There is no specific data as to why Status Epilepticus attacks an individual. It occurs in both those with a history of epilepsy and those without any history. In cases of those with epilepsy, the reason could be due to the underlying problem in the brain. Additional causes include infections, strokes, tumor, and trauma.
What is Status Epilepticus?
Status epilepticus is an epileptic seizure that lasts for more than 5 minutes or can produce 2 or more seizure attacks within the specified 5 minute period. Previous definitions defined Status Epilepticus with a time limit of 30 minutes or more. The seizures are similar to that of tonic-clonic format, which displays the pattern of contraction in the legs and arms. It can also show symptoms that do not involve contractions like absence seizures. Status Epilepticus can turn into a life threatening attack if there is a delay in treatment.
Diagnosing Status Epilepticus involves imaging the head, checking the blood sugar levels, performing a number of blood tests, and electroencephalogram. Other conditions that provide information about the presence of status epilepticus is low blood sugar, delirium, movement disorders, and meningitis. It is also feasible for the presence of psychogenic nonepileptic seizures.
Types of Status Epilepticus
- Convulsive Status Epilepticus: In Convulsive Status Epilepticus, the individual displays contraction and extension of both legs and arms. Epilepsia Partialis Continua is one among the different variants that can involve minutes, hours, days, or weeks of jerking movement. The occurrence is due to brain tumor, vascular disease, and encephalitis. All these are drug resistant.
- Nonconvulsive Status Epilepticus: Nonconvulsive Status Epilepticus occurs without an aggressive extension of the limbs because of this seizure activity. Additionally, it also shows a long duration in person’s consciousness level. It can occur as absence seizure or complex partial seizures. Complex partial seizure attacks only a specific or a small portion of the brain. In absence seizure, the person suffers from generalized seizure attack that affects the entire brain.
How is Status Epilepticus Treated?
Benzodiazepines are the first preferred medication to treat Status Epilepticus. According to the first aid guidelines, it is essential to call the emergency services immediately if this seizure lasts more than 5 minutes.
When given through IV, lorazepam acts as a superior treatment to diazepam, which helps end the seizure attack. Using midazolam as an intramuscular medication is of immense help and the best option available for those who are not in a hospital.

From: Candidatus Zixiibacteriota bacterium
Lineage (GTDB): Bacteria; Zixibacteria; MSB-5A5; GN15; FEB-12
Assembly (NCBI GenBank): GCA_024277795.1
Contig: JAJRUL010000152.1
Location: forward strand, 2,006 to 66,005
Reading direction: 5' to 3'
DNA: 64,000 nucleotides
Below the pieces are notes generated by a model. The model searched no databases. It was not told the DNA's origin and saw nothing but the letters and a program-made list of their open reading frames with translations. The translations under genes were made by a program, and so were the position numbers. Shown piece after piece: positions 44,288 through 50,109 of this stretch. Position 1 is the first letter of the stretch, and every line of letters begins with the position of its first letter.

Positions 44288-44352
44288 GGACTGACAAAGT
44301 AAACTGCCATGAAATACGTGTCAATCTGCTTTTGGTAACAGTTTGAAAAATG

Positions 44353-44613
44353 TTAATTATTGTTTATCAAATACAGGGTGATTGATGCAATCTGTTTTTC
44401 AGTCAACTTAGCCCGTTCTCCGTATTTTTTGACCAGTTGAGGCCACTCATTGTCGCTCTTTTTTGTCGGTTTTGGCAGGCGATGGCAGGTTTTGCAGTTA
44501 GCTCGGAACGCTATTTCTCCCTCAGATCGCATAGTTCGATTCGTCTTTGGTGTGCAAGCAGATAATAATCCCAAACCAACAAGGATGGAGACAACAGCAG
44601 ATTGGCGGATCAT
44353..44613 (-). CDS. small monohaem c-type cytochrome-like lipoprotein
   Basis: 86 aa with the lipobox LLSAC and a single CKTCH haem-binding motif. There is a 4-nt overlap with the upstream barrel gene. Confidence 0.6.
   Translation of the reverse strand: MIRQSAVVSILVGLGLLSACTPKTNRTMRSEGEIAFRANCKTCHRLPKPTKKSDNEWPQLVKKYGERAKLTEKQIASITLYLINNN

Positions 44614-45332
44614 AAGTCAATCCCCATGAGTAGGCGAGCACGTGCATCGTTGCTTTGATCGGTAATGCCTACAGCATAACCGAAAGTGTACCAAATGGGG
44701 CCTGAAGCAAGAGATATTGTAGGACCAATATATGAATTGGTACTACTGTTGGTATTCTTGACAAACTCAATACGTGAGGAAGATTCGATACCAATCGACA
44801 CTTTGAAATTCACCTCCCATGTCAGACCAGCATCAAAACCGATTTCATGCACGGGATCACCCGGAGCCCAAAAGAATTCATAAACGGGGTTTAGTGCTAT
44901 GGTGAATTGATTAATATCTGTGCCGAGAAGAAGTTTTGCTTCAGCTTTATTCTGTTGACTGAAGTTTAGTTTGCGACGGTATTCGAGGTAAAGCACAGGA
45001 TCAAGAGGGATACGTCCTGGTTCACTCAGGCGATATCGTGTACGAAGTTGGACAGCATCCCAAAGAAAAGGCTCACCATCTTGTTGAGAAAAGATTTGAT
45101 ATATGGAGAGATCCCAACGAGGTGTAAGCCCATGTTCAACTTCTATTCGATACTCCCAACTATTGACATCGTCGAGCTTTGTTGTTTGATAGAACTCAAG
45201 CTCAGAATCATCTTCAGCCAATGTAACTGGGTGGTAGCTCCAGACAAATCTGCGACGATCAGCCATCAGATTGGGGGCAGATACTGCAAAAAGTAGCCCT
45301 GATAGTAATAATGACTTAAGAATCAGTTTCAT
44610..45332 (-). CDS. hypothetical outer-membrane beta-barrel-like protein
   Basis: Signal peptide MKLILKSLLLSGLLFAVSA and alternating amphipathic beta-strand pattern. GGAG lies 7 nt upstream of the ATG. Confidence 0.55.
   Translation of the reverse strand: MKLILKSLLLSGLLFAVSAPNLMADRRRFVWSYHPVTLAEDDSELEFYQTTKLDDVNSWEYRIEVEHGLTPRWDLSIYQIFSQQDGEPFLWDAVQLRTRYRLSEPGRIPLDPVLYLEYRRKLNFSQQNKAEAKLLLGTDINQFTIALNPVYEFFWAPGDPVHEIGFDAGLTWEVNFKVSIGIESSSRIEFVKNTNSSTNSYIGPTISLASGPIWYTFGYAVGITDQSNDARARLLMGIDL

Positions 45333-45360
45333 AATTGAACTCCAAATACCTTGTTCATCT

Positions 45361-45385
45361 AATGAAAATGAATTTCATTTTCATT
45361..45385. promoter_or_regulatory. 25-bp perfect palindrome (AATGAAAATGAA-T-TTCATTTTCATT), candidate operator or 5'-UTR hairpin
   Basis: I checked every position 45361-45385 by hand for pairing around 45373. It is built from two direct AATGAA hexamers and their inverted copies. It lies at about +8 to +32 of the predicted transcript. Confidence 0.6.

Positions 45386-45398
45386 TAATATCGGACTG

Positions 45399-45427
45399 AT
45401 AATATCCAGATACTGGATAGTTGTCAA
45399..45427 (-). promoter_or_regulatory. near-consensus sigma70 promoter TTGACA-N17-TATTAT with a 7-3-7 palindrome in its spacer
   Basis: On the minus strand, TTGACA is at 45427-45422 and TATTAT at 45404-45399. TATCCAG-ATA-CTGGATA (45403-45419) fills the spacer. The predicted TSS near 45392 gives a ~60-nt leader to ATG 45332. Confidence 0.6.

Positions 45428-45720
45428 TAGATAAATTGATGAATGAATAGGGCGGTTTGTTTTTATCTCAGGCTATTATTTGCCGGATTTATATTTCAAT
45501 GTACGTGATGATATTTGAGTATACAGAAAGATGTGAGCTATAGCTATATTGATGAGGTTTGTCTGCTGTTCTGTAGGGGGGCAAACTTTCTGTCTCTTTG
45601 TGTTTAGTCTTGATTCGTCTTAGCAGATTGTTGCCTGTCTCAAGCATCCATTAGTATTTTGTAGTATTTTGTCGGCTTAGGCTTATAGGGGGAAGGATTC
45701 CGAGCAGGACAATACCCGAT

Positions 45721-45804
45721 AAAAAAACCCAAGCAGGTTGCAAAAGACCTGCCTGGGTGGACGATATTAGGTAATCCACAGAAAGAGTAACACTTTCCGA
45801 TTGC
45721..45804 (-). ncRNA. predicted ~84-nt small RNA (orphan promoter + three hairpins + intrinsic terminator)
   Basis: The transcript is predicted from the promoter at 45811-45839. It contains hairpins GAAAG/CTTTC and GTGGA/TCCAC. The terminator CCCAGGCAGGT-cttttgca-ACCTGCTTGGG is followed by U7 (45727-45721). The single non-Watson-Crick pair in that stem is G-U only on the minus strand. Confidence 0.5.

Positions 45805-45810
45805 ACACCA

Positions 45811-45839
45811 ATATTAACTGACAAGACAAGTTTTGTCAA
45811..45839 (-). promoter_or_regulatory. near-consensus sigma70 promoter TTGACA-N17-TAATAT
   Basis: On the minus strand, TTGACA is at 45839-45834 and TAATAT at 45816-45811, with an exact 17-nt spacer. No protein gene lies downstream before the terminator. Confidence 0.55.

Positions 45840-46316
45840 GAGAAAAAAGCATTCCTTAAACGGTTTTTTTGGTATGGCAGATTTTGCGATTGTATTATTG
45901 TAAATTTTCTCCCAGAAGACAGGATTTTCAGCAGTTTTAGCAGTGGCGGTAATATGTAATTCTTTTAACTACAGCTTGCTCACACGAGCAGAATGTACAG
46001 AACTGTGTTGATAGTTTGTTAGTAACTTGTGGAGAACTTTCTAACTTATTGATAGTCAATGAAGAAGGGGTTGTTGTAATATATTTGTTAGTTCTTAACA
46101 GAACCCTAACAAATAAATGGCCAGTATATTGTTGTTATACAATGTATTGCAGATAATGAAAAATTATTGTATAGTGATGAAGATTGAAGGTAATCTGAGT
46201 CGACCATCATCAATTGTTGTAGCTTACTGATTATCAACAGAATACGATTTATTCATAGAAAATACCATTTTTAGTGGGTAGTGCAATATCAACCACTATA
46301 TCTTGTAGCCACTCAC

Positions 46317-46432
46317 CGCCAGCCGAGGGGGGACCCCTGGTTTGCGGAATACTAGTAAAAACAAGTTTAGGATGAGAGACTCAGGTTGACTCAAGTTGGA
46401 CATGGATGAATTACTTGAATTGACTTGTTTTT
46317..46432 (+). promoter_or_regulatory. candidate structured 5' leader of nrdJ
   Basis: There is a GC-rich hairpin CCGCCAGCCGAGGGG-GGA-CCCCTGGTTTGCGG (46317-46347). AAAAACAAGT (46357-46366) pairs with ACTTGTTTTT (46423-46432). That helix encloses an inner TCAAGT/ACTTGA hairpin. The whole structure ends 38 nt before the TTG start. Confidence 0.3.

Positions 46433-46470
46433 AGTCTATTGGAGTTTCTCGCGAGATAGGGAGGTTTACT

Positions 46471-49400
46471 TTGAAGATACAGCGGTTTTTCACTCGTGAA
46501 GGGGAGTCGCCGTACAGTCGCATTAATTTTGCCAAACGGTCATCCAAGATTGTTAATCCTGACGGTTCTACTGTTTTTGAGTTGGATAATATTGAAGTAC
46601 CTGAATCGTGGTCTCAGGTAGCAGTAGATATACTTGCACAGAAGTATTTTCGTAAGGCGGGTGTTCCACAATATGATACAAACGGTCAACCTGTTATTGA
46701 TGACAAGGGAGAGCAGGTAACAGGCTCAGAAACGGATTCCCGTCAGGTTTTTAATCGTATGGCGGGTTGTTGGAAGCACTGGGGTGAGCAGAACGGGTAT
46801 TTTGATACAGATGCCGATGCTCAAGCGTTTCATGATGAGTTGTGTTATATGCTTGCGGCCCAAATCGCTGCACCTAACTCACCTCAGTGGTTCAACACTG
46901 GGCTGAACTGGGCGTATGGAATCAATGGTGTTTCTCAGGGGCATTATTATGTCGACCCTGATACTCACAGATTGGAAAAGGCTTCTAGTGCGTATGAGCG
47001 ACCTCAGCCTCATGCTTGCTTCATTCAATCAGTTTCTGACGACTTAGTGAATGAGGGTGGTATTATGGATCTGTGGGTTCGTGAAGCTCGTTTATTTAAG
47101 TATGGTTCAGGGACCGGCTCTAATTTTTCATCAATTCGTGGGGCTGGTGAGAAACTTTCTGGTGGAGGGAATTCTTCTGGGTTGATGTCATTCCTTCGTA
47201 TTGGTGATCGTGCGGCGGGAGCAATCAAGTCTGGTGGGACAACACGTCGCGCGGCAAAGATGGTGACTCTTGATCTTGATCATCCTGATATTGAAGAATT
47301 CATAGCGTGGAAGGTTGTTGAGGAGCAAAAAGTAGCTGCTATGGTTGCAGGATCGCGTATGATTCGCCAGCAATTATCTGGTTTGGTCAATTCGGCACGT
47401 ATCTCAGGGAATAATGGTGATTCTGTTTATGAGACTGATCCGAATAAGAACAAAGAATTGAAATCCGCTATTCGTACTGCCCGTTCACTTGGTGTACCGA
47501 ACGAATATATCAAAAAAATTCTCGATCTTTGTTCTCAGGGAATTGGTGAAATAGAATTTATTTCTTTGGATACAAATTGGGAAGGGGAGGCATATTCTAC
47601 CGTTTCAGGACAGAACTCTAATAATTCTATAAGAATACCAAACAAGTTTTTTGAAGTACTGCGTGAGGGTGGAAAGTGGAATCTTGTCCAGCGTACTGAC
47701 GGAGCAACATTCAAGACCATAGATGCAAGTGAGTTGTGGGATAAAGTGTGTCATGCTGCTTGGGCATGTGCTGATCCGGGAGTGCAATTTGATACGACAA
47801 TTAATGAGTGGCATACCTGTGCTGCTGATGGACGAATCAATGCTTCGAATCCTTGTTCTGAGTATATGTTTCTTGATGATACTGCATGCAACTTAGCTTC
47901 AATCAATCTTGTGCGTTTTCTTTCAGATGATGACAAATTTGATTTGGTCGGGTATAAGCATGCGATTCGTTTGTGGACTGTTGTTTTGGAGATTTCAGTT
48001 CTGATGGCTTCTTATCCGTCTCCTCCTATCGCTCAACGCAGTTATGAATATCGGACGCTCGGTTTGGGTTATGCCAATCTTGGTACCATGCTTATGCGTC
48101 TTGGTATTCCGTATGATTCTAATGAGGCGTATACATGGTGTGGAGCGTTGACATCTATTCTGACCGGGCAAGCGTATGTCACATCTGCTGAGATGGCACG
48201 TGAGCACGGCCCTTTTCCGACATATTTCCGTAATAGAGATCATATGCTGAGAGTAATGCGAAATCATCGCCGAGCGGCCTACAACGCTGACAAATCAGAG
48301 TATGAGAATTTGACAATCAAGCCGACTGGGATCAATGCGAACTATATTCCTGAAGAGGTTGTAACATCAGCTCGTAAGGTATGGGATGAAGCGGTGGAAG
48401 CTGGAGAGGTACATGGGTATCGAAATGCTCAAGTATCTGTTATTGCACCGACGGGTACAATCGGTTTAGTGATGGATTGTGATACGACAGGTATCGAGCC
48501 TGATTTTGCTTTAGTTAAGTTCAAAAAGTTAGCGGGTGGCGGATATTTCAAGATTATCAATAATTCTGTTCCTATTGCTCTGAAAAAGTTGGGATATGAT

In case of absence of both lorazepam and IV, it is preferable to opt for diazepam as a solution. Outside North America, intravenous clonazepam is the first choice of drug that most choose to provide relief to the individual who is undergoing the Status Epilepticus attack. For instance, Netherlands recommends the use of clonazepam because of the advantages it offers. When induced into the individual, the effect remains for a longer duration when compared with that of diazepam.
Phenytoin and Fosphenytoin
Phenytoin is another drug that is helpful in treating Status Epilepticus. If the doctor decides to use the medication or any other hydantoin derivative, then it is essential to monitor the activity of the heart continuously. The reason is that hydantoins take about 30 minutes to begin working and bring down the seizure attack in the individual. As diazepam works for a short duration of time, the doctor administers both diazepam and phenytoin through IV to the patient.
Carbamazepine and Valproate
Valproate is helpful in treating Status Epilepticus and is available as an intravenous formula. Carbamazepine is not available as an intravenous formula, and therefore it has no significant role to play in Status Epilepticus.
“Status Epilepticus” – Epilepsy Foundation Website: https://www.epilepsy.com/learn/about-epilepsy-basics/what-happens-during-seizure/status-epilepticus
“Status Epilepticus: A Review” – National Center for Biotechnology Information Article: https://www.ncbi.nlm.nih.gov/pmc/articles/PMC3101959/
“Status Epilepticus: An Overview” – Cleveland Clinic Article: https://my.clevelandclinic.org/health/diseases/9832-status-epilepticus
“Treatment of Convulsive Status Epilepticus” – American Epilepsy Society Guidelines: https://www.aesnet.org/sites/default/files/file_attach/convulsivestatusfinal.pdf
“Management of Status Epilepticus” – UpToDate Article: https://www.uptodate.com/contents/management-of-status-epilepticus-in-adults